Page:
Foreword Reviews

Government 2.0

Clarion Rating: 2 out of 5

Government 2.0 is a political science manifesto about how America’s government can best serve its citizens.

Joseph Albert Gorski’s Government 2.0 is a personal statement about what’s wrong with the US’s government; it suggests means of fixing the problems it names.

Written from the perspective that the US government does not work for the vast majority of its citizens, the book argues that predatory banks and super wealthy people are propped up by the political system, while the working masses struggle under the weight of student debt, heavy taxes, and inflation. Urging swift action, Gorski pushes for government officials to respect individual privacy, hoping to empower citizens to pursue their own destinies with minimal interference.

Written between the 2012 and 2016 presidential elections, the book declares that excessive government interference is responsible for many of the US’s woes. However, thanks to new technologies like 3D printing and the internet, it says that individuals are gaining the power they need to circumvent government control. The book repeats these assertions as part of its urgent, emotional call to action.

Though the prose is straightforward and accessible, the book often speaks in vague, general terms. When it cites examples, it does so either without naming specific sources, or by naming sources that are questionable, as with Robert Kiyosaki, who has been criticized for promoting illegal methods. It also espouses conspiracy theories, as with the idea that President Kennedy tried to undercut the power of the Federal Reserve with silver certificates just before his assassination.

The book is idealistic about the power of its solutions. It suggests that everyone in America will agree with its proposals once they are properly educated about them, and that the entire country—and even the world—will become a utopia within a few years of their implementation. But in projecting this, it ignores the political rivalries that divide the United States, and the fact that such upheavals almost always involve a learning curve and resistance from opponents.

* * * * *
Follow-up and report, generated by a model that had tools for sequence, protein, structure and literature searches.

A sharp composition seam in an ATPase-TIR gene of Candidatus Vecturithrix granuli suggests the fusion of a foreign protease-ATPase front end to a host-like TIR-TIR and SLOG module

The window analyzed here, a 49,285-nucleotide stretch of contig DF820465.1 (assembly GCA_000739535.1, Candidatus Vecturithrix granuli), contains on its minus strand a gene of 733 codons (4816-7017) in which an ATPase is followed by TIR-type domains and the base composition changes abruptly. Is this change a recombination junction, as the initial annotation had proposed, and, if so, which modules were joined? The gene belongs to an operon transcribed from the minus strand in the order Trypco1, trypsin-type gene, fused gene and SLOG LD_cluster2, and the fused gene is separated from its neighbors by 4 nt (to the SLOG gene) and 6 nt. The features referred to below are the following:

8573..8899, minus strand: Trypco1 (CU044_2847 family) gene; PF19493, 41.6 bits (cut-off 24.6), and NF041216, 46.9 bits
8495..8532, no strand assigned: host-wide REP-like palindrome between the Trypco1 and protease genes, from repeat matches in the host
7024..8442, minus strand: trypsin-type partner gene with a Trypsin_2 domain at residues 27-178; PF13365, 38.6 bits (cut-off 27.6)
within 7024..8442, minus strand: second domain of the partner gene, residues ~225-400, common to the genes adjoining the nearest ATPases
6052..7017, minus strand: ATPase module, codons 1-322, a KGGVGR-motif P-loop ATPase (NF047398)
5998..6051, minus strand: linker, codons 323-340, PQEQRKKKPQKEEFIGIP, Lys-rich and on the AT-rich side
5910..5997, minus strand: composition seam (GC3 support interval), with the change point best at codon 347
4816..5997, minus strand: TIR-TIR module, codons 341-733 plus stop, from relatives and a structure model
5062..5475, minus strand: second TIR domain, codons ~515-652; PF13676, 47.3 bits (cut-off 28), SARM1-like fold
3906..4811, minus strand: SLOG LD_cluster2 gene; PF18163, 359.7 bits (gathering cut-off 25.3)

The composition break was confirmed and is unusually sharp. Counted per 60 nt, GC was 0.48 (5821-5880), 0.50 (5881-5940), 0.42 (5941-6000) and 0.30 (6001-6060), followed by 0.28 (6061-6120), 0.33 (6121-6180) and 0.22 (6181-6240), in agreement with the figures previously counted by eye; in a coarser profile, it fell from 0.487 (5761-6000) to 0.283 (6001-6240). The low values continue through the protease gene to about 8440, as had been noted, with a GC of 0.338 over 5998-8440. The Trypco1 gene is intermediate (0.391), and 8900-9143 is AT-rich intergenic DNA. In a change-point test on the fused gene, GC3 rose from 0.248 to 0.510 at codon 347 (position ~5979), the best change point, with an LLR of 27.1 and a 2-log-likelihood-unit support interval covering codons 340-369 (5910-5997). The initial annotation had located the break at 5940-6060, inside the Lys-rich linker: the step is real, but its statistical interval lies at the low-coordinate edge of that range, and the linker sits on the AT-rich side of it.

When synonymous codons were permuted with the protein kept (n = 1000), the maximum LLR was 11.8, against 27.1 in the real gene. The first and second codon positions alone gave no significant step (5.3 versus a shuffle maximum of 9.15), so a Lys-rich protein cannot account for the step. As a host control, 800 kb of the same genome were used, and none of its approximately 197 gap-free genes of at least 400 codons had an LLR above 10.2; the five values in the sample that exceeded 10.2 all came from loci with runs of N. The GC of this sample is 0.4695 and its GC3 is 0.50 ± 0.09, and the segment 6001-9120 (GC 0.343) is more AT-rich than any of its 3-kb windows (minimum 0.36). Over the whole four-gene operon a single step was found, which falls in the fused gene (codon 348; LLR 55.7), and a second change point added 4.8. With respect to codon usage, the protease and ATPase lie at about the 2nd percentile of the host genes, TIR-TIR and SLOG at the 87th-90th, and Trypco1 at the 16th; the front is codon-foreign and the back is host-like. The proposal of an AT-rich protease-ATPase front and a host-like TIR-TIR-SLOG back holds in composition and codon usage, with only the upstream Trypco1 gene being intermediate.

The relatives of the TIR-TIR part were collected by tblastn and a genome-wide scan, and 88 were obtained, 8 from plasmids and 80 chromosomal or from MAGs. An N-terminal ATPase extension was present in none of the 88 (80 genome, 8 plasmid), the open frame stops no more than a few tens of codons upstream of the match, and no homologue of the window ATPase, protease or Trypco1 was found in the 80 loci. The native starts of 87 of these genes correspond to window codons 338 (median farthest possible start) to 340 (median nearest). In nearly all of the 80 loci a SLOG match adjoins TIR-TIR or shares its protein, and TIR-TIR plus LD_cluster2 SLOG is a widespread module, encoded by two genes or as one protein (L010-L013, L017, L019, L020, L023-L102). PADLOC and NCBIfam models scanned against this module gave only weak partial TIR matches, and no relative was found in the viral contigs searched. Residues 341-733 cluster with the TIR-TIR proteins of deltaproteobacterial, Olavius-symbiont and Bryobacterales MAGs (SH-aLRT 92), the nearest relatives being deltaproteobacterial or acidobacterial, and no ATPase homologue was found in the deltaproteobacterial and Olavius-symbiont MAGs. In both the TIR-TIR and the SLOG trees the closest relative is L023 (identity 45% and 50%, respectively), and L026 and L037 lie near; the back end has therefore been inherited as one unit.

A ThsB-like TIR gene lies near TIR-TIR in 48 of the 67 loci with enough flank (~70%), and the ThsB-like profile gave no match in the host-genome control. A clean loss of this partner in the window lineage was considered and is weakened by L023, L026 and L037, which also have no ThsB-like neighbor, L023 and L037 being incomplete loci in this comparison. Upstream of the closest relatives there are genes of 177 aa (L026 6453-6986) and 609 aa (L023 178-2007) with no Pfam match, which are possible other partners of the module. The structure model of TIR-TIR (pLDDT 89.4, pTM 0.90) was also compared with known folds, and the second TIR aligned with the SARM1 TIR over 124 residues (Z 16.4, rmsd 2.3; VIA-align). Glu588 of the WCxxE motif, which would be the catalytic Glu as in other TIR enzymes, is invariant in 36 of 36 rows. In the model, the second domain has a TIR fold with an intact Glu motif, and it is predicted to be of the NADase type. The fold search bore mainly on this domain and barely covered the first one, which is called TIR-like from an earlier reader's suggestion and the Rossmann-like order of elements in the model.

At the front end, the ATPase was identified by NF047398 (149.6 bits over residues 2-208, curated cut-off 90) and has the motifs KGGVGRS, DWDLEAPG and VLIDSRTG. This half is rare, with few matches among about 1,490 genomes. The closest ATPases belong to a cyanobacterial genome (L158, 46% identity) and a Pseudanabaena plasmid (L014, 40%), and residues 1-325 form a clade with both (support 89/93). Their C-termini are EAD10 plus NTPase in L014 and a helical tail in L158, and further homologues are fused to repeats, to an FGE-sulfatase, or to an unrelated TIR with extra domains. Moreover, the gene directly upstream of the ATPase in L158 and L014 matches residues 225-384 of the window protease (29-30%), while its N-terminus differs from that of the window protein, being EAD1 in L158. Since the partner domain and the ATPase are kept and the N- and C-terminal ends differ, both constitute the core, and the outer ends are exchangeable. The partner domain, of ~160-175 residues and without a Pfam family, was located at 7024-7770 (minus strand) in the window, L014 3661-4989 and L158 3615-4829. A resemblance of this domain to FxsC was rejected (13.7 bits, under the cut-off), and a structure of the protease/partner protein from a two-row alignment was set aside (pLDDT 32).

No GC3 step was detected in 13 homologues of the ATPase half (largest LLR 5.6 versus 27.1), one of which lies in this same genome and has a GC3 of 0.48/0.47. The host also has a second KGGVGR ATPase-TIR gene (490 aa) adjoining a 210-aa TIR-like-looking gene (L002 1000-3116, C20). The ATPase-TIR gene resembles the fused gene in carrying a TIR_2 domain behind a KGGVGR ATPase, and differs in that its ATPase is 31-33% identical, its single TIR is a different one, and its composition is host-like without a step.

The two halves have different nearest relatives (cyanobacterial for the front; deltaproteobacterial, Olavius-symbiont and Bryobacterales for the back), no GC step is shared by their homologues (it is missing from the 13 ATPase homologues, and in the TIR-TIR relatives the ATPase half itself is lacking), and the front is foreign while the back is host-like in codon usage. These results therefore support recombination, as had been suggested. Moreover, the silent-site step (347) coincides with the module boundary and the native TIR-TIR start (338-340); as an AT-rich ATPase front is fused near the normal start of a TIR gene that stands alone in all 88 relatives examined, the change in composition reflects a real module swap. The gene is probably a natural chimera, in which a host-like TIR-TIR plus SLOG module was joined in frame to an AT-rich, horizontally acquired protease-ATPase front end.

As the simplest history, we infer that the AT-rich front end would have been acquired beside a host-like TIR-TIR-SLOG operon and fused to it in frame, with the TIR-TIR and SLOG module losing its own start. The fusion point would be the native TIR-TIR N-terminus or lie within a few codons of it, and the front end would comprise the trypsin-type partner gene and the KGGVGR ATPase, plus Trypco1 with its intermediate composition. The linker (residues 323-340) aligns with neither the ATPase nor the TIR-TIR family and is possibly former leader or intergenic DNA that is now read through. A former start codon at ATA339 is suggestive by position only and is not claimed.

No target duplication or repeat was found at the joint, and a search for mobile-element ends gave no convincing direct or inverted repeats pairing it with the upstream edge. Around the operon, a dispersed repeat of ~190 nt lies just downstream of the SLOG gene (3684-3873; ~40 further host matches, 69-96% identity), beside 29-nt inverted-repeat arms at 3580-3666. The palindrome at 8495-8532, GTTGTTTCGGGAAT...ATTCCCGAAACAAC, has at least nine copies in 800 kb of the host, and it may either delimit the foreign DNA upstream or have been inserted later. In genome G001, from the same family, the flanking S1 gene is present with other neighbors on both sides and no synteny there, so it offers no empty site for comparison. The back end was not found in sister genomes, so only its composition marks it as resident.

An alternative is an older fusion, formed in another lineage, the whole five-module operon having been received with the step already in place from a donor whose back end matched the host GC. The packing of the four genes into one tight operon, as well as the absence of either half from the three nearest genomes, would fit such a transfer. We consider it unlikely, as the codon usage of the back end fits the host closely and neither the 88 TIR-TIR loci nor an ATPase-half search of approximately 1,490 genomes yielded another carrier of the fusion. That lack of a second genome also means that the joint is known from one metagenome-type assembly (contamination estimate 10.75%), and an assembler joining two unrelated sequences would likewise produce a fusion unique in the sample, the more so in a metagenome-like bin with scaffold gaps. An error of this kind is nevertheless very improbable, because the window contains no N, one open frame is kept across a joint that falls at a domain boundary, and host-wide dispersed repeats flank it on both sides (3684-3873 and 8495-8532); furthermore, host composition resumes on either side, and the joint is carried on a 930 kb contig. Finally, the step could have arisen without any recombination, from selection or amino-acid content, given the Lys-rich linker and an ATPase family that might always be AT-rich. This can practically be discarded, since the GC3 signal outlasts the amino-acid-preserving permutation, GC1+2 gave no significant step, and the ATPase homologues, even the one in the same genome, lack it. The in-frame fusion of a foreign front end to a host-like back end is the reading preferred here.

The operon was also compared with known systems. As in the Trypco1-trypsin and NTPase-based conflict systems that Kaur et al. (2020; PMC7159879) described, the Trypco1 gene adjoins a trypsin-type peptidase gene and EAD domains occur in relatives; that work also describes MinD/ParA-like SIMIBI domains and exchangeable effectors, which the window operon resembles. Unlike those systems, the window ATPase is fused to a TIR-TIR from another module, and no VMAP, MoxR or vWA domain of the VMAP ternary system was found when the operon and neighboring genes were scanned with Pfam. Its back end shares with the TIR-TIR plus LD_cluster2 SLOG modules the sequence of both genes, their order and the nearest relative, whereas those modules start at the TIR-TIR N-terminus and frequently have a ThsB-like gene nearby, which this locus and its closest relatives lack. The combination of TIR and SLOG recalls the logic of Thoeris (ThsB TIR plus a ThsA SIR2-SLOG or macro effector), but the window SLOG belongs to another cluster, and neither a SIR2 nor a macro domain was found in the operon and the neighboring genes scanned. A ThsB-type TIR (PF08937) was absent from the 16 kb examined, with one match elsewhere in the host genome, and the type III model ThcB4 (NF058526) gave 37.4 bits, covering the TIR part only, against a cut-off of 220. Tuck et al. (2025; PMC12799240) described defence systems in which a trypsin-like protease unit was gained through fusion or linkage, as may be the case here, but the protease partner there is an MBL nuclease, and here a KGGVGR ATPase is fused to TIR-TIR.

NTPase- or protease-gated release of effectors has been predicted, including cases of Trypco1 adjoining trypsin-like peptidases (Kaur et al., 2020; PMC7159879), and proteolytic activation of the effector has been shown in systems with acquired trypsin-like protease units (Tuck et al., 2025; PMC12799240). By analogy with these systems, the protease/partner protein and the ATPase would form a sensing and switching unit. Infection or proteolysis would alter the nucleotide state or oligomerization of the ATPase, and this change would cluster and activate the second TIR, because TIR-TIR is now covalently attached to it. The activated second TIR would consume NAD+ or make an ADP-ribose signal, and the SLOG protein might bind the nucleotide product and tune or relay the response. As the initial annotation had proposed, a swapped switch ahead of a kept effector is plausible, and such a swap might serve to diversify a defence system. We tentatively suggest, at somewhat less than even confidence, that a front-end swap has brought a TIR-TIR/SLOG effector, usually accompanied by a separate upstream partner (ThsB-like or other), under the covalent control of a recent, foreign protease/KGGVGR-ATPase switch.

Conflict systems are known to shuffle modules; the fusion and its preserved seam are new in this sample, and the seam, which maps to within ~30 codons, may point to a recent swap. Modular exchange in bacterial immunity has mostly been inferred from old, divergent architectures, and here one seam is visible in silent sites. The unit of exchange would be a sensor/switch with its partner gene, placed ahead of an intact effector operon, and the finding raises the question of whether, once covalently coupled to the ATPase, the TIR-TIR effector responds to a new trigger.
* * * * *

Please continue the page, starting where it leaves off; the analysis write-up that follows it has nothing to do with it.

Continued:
Many of the problems covered by the book, including America’s mounting debt, remain relevant, though, and some of the proposed solutions are even now coming into use, like legalizing drugs to reduce the prison population. However, there’s outdated information included, too, which limits the book’s persuasiveness. This is particularly true when it comes to the role of the internet in politics, which is suggested to be a net positive.

Some of the book’s predictions have already been disproved, as with the idea that remote work and learning would bring nothing but benefits; Covid-19 exposed the drawbacks of such a system. Still, the book will be of interest to those who study political history and are curious about political thinking and projections from the mid-2010s.

Government 2.0 is a political science manifesto about how America’s government can best serve its citizens.

Reviewed by Eileen Gonzalez

Disclosure: This article is not an endorsement, but a review. The publisher of this book provided free copies of the book and paid a small fee to have their book reviewed by a professional reviewer. Foreword Reviews and Clarion Reviews make no guarantee that the publisher will receive a positive review. Foreword Magazine, Inc. is disclosing this in accordance with the Federal Trade Commission’s 16 CFR, Part 255.

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